Skip navigation
Nissan Titan XD ready to tow 9000 lbs during Arizona test drive Tom Murphy
<p><strong>Nissan Titan XD ready to tow 9,000 lbs. during Arizona test drive.</strong></p>

We’ve Been Here Before, But Not With a Cummins

Asian OEMs have tried to upset Detroit&rsquo;s dominance in fullsize pickups. With a stout 5.0L V-8 from diesel specialist Cummins, a stylish and functional interior and impressive offerings for those who tow, Nissan may have a grip on this U.S.-centric market.

FORT McDOWELL, AZ – It wasn’t a bad truck, but Nissan’s first fullsize pickup, the Titan, failed to break the seemingly fire-hardened bond between Detroit automakers and their loyal customers.

The original Titan launched in 2004 and has been mildly refreshed over the course of 11 looooong years, which explains why sales of the Titan have fallen from modest to embarrassing in recent times.

In the ’15 model year, which ended Sept. 30, Nissan delivered a mere 12,352 Titans and was outsold by the Toyota Tundra more than 10 to 1. For every Titan sold in ’15, Ford handed over the keys to 57 F-Series trucks.

With the new Titan XD, Nissan has a solid plan of attack: Give shoppers all the flexibility they want; design in serious on-road presence and off-road credibility; clean up and seal up the interior; illuminate the bed; and get in the game with a premium offering worthy of well-heeled customers who are happy to spend more than $60,000 for a truck.

We’ve said this before about clever Japanese products seemed destined to upset Detroit’s apple cart – from the in-bed storage bin in the Honda Ridgeline to the burly ruggedness of the Tundra.

But this time around, Nissan is trying something completely different: Its ace in the hole is an engine designed and built by Cummins, an Indiana company whose diesel prowess in 18-wheelers, buses, motor homes, tractors and heavy-duty pickups immediately draws the attention of customers who normally wouldn’t give the Titan a second look.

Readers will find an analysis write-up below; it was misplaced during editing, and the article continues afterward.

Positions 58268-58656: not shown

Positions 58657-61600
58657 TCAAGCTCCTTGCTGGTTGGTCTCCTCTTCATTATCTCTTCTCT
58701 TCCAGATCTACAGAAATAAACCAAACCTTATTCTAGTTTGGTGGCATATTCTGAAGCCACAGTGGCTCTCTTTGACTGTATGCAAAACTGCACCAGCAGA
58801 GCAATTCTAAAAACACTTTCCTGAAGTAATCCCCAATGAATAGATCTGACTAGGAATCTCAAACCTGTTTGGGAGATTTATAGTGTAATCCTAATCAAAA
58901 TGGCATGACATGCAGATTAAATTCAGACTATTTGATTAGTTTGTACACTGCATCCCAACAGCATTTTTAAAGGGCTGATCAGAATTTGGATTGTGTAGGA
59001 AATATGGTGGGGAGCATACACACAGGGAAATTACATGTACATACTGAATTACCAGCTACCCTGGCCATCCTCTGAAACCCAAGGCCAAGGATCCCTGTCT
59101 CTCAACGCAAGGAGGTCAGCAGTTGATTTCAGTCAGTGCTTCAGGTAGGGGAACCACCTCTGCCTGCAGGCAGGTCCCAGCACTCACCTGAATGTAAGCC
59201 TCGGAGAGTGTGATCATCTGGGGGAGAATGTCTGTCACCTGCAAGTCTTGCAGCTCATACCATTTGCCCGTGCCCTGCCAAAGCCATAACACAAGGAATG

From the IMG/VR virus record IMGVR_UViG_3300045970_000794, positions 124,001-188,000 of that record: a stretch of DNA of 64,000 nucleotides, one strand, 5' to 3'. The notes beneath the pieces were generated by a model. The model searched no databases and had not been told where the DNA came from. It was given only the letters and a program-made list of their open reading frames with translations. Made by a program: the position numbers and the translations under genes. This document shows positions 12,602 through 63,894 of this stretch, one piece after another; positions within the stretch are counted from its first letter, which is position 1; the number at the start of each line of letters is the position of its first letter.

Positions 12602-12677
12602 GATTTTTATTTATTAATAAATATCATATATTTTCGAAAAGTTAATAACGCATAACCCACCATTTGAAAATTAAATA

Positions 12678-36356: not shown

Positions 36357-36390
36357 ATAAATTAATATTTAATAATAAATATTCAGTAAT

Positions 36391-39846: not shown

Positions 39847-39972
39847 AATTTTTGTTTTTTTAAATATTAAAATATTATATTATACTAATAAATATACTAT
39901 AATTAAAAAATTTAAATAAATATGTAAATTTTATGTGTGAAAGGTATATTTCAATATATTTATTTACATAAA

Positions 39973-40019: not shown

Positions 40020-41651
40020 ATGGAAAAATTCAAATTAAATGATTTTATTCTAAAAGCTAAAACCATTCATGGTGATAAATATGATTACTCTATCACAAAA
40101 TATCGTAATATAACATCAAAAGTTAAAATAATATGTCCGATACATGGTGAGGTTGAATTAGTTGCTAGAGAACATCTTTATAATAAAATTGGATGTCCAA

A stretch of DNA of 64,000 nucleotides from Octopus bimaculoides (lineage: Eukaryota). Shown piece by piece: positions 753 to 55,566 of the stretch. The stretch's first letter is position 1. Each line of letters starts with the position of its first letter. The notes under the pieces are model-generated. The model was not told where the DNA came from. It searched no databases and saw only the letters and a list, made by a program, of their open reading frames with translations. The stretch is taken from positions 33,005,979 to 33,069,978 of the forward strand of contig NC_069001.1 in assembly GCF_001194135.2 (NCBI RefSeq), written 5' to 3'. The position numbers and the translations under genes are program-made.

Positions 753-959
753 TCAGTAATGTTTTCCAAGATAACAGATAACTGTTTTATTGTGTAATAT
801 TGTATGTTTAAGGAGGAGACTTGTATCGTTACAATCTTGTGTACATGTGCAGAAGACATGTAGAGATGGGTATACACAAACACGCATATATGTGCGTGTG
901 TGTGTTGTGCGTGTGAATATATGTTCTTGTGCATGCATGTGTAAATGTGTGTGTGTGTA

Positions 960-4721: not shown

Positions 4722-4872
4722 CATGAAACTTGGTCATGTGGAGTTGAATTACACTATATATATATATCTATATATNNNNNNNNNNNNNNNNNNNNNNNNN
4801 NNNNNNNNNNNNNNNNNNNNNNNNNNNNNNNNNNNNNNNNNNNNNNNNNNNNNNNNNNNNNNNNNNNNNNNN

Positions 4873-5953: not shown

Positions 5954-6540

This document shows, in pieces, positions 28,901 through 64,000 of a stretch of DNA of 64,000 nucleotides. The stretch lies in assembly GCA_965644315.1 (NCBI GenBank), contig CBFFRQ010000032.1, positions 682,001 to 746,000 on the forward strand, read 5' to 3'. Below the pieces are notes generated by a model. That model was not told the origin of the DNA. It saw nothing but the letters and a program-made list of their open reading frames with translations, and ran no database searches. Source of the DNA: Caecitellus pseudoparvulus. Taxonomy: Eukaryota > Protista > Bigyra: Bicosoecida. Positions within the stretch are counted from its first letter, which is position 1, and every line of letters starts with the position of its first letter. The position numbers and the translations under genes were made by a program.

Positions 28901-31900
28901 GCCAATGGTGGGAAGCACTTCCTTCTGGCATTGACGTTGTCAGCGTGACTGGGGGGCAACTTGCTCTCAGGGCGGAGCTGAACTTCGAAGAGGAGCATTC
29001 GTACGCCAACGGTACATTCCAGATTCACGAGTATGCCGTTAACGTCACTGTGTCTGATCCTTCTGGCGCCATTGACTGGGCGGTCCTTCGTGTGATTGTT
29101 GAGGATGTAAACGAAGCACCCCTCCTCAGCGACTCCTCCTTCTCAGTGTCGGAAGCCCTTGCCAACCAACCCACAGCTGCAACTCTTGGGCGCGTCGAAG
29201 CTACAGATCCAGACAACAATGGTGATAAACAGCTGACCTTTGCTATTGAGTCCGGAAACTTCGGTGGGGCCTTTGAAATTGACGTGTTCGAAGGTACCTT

In the new Titan XD, the Cummins 5.0L V-8 does everything well, propelling this crew-cab 4x4 around town with 800 lbs. (363 kg) in the bed, through a muddy, rutted work site, up a treacherously steep rock wall and along an undulating highway at 70 mph (113 km/h) while towing 9,000 lbs. (4,082 kg) with nary a word of protest.

There’s no mistaking this engine as anything but a diesel, especially at idle, but it quiets down on the highway. It’s not overly loud or prone to excessive vibration, but its NVH signature is more akin to Detroit’s heavy-duty diesels than Fiat Chrysler’s light-duty 3.0L diesel V-6 in the Ram 1500.

With the supremely capable 5.0L, the Titan XD can go anywhere, do anything. Most importantly, this twin-turbo V-8 may be a plow in fertile terrain, helping Nissan cultivate a small patch of neglected turf in the ground war that is the U.S. pickup market.

Returning to a Simpler Time

The strategy goes something like this: Truck customers who need to tow heavy loads historically opt for heavy-duty diesel pickups that reached torque ratings of 600 lb.-ft. (813 Nm) about a dozen years ago.

Back in the day, that was a monstrous number, until the Detroit automakers decided in recent years that 800 lb.-ft. (1,084 Nm), or close to it, would be the norm.

This past summer, the ’16 Ram 3500 (powered by a Cummins 6.7L diesel, incidentally) offered an astonishing 900 lb.-ft. (1,220 Nm) of torque, capable of towing more than 30,000 lbs. (13,608 kg) – the equivalent of five Ram 3500s.

Before this arms race began, lots of customers were perfectly happy with their diesel towing capabilities. Since then, they have been overlooked: They want a diesel but don’t want to pay a premium as high as $10,000 for an engine that far outstrips their needs.

These customers want to go back to the torque levels of 2003, and Nissan hopes to lure these folks to their showrooms as their old trucks need replacing.

And it just might work.

The automaker estimates 75,000 pickup buyers migrate from light-duty to heavy-duty trucks each year, and another 75,000 go the opposite direction. That’s a pool of 150,000 people who could find the Titan XD to be ideal, Nissan executives say.

The automaker isn’t saying how many it plans to sell, but its best year with the previous truck was 2005, when 86,945 units landed in U.S. driveways.

Nissan makes no bones about it: The new Titan XD is not a heavy-duty ¾-ton (680-kg) pickup. Instead, it aspires to be the most capable ½-ton (454-kg) truck on the market. Hence, the XD stands for “extra duty.”

Oddly enough, the Titan XD’s ratings of 12,314 lbs. (5,586 kg) for maximum towing and 2,091 lbs. (948 kg) for maximum payload fall roughly in line with those of the most capable Ford F-150 and Chevrolet Silverado, each powered with gasoline engines.